“There is no silver bullet to tackling the elective care backlog” according to the Patients Association. The waiting list crisis for elective care has been an ongoing dilemma for the NHS as millions sit in the system waiting for their referral to be reviewed. While there has been some progress in tackling the backlog, the NHS needs to find a long-term, revolutionary solution to make significant headway in the waiting list crisis.
Better managing the referral triage system would alleviate the NHS waiting list crisis and would be seriously game-changing if every Trust were to begin using these systems. Patients would receive better, faster care and specialists would be able to get their time back. The NHS also saves on average £233 per appointment by clearing unnecessary referrals. Solutions to the backlog, like remote referral triage, are out there – but we need to make use of them for significant change to happen.
Elective care waiting list crisis
There are currently 7.2 million people in the NHS waiting list for non-urgent medical treatment on the NHS, known as “elective care”. These include diagnostic tests and scans, procedures such as hip and knee replacements, cardiac surgery, cancer treatment and neurosurgery. According to data from NHS England, more than half of those waiting for elective care have been waiting up to 18 weeks and around 400,000 patients have been waiting more than a year.
Behind these numbers, the NHS waiting list crisis has meant too often people are travelling for hours to a hospital appointment that lasts a few minutes, wasting NHS resources. For others, their symptoms become more acute over time and specialists are unable to see these more urgent cases. People could be saved time, cost and stress by the NHS doing things in a different way.
Long term solutions
Under the current NHS system, people in the waiting lists have generally been referred for specialist treatment through the NHS e-Referral Service (e-RS), which is the national booking system. When a GP thinks that their patient needs to be referred to secondary care, it is booked through e-RS. Whilst they are waiting, the backlog of people grows and people can sit on that system for years.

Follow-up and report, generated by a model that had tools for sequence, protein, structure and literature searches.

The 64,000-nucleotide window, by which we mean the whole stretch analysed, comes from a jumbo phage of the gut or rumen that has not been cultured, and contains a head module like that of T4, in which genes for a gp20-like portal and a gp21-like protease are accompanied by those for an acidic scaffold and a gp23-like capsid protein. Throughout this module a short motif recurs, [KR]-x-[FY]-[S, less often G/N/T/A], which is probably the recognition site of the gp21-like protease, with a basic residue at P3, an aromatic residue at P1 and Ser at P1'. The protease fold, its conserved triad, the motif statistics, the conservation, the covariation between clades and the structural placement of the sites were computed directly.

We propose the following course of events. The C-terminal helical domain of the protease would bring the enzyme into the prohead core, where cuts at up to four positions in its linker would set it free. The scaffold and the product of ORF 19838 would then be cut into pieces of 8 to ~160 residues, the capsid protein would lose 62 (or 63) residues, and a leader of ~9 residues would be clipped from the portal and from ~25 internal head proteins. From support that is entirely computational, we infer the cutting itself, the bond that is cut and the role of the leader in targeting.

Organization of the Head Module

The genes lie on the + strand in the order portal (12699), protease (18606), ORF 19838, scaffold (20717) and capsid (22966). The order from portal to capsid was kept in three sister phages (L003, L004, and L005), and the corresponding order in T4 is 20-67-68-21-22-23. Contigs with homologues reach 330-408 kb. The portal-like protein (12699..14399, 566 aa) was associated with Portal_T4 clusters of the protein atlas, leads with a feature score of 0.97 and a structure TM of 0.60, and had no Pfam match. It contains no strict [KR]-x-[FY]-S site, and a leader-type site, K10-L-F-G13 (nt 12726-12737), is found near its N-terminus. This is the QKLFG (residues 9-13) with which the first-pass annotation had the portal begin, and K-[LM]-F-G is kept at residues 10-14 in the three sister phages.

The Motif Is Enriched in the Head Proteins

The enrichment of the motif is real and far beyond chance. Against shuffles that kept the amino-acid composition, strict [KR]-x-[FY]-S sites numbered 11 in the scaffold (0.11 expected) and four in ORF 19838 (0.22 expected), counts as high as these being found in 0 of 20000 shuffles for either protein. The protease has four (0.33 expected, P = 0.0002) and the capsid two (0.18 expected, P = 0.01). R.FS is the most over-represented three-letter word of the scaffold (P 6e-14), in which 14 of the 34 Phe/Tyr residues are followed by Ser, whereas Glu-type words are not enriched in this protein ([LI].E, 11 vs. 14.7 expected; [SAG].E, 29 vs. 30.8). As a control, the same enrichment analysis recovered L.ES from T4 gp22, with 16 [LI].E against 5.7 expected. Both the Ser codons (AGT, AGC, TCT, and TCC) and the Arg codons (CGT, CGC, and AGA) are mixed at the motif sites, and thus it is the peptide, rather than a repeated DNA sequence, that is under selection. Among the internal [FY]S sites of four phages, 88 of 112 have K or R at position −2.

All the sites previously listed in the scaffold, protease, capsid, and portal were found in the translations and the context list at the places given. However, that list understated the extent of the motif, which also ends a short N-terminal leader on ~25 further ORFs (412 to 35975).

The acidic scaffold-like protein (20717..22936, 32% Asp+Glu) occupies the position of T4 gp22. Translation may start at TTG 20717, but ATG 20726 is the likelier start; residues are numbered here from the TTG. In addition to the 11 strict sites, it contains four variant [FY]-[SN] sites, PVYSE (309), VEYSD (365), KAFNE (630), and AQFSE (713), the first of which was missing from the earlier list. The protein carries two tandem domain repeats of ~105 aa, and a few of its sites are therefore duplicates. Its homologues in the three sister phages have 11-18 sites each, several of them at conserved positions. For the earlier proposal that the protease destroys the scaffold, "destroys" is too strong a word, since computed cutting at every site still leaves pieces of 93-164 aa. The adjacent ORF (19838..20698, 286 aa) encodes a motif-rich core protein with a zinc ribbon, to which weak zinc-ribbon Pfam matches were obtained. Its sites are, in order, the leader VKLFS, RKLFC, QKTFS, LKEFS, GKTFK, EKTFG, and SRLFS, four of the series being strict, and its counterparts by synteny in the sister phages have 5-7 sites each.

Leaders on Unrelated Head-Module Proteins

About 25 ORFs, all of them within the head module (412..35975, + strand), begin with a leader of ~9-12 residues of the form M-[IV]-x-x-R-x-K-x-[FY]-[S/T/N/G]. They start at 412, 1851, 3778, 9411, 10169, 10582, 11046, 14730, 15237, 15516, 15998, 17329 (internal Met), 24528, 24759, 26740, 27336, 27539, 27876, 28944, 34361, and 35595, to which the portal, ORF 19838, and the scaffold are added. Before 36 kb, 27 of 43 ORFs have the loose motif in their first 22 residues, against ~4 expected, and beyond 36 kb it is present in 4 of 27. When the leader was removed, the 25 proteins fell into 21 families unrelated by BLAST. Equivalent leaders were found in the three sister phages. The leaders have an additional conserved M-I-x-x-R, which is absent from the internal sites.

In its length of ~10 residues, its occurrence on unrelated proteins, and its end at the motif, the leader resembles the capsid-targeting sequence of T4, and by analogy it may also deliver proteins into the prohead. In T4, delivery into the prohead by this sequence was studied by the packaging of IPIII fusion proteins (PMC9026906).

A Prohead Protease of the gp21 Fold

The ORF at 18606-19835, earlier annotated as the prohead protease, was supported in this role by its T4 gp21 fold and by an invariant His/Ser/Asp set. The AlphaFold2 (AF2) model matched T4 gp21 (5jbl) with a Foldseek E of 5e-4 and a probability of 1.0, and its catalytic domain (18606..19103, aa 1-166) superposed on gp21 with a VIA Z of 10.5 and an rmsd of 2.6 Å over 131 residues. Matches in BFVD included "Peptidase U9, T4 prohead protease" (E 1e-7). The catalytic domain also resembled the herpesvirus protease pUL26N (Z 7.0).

NHS England published its Elective Recovery Plans last year, which set out their designs to eliminate waiting lists for elective care over 18 months by April 2023 and eliminate waiting lists of longer than a year by March 2025. In January, the government reaffirmed their commitments to tackle waiting lists as one of the five key policy priorities for 2023.
At the time of writing, the Institute of Fiscal Studies reports that there is some progress as the number of people waiting more than two years fell by 94%. However, the think tank said plans to cut the overall waiting lists for elective care are unlikely to happen this year and the backlog is unlikely to be significantly tackled until mid-2024. The NHS needs to find a long-term, revolutionary solution to the waiting list crisis.
There is a silver bullet
The issue with the current referral system is that referrals aren’t always appropriate. Our data suggests that one in four people don’t actually need the referral and should be returned to primary care for treatment.
Remote referral triage systems allow specialists from anywhere in the UK to take patients in e-RS and process their referral. They will then advise on next steps. By clearing unnecessary referrals, on average the NHS saves £233 per appointment and specialists get the time back to work on cases that are urgent and prioritised as appropriate. For people waiting for their appointments, they receive the proper care they need quicker.
NHS Trusts around the UK have found a revolutionary, technology-based solution to solving the waiting list crisis. The new referral system has triaged over 35,000 referrals to-date across 17 specialities and the only ones not benefitting are the Trusts that are not using it yet. Patients deserve to receive better, faster care and specialists should be able to get their time back.
There is a silver bullet to tackling the elective care backlog, and more NHS Trusts should be using it. If we want to clear waiting lists, the solution is already here.